BLUE MOUNTAINS — VO-Con 2018, a conference for the Vacation Ownership Industry, held at the Westin Trillium House Sept. 25-27, brought owners, influencers, developers and governments together to strive to ensure the industry remains relevant and responsive.
“Getting the Deal Done” was the title of one of the first panels, consisting of Barry Landsberg, Accor Hotels; Anne Larcade, Sequel Hotels & Resorts; Dianne Hounsome, The Cottages at Port Stanton; and Duane Lee, Vacation SafeGuard.
Hounsome said there are both opportunities and challenges in the Canadian market today. “There's the opportunity to promote Canadian product to Canadians. Last year was our 150th, and this was an opportunity to sell. Ours is a cottage-alternative product. We can push buttons — telling people they have chance to own in their own country. That does resonate with people; it's an opportunity for us.”
“I'm an optimist; it's a great time for the industry,” said Larcade. “The cost of housing is so expensive — the median house price in Toronto is $1.3 million, while in Vancouver it is $1.5 million. It's time to pivot in the industry, to sell the experience.”
The industry has changed a lot since its inception: in the 1990s, the average age of a vacation owner was 51 years old, while today it is just 39. Millennials are ripe for travel — experiential travel around the world. That means vacation ownership packages have to be more flexible than they used to be, said Larcade.
Just about all of the speakers used the word flexibility — from Accor's Landsberg who is involved with large international resorts such as Fairmont Heritage Place in Acapulco, Telluride and San Francisco; to Hounsome and Larcade whose smaller properties are in Ontario cottage country.
Selling methods have also changed — there's a need to use technology more and a need to educate the customer.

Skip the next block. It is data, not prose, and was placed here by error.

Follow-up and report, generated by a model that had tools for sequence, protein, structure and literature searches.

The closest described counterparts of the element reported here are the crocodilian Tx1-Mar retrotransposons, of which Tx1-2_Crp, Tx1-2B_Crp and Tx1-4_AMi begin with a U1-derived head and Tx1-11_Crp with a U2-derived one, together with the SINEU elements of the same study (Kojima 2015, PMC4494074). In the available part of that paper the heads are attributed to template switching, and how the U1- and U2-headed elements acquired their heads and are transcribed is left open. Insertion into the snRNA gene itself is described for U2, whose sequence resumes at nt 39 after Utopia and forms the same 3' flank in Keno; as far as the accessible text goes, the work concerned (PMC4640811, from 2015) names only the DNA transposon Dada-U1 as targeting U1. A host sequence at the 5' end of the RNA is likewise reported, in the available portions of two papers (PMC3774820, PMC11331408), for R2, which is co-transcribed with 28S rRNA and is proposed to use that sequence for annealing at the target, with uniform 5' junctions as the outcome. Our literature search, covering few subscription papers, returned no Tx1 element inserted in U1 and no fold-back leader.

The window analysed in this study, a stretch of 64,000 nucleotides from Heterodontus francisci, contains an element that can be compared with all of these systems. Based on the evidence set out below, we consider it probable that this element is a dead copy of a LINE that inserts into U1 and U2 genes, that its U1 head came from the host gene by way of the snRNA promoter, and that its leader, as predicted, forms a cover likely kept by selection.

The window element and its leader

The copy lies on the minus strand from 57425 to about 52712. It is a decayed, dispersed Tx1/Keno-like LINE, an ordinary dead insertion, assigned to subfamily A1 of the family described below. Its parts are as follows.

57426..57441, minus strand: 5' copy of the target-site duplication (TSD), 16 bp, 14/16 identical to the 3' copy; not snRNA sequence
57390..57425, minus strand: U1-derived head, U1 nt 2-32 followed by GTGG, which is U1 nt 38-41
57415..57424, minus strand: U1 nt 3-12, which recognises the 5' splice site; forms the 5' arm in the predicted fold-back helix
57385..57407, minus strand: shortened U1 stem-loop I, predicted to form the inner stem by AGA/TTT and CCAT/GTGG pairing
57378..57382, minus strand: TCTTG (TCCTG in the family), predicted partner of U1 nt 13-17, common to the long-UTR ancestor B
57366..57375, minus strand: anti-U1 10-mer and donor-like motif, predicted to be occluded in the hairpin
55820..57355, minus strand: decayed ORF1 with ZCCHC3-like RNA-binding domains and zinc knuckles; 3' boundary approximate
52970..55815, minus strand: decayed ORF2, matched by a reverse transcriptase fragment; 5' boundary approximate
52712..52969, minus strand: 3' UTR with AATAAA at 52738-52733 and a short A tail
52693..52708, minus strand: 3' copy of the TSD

“The biggest thing to making owners happy is inclusion,” said Hounsome. “We created an advisory board and show them every single number, including reserves and maintenance fees. If there are changes, we write letters to the owners. The more you can include them, the better.” By creating the board and having regular meetings with owners, The Cottages at Port Stanton have had no delinquencies and very few resales. “That's the easiest way to have goood resales,” she said.
“It's important to be guest centric,” said Larcade. “It's critical to understand what guest experiences, amenities and technology they want — that are relevant to that customer. In larger developments, they are working to educate those customers through webinars and meetings. If you have close relationships and meetings, you avoid a lot of grief down the road.”
“There's a difference between getting the deal done in North America versus internationally,” noted Landsberg. “North American developers and management companies are a lot more sophisticated in the space regarding breadth of product. There's a lot of comfort and knowledge in North America. There's a lot of exposure to large management companies such as Marriott, Hilton and RCI. Outside North America, there's more excitement, but it takes a lot more selling and information to get that sale.”
Jon Zwickel's role to change
At the conference, CVOA president and CEO Jon Zwickel announced that he would be stepping down from his position, but that he would serve on the board of directors.
One of Zwickel's achievements was to forge an alliance with the Hotel Association of Canada, by signing an MOU to promote common interests.
“HAC looks forward to a continued relationship with
CVOA and working closely with the new president and CEO,” said Alana Baker of the Hotel Association of Canada, who participated in the advocacy panel at VO-Con 2018.
“It was a pleasure to
work with Jon and we wish him all the best! We are also pleased to hear that
Jon will still serve on the association’s board and look forward to continuing
to build the momentum that we have already collectively achieved as an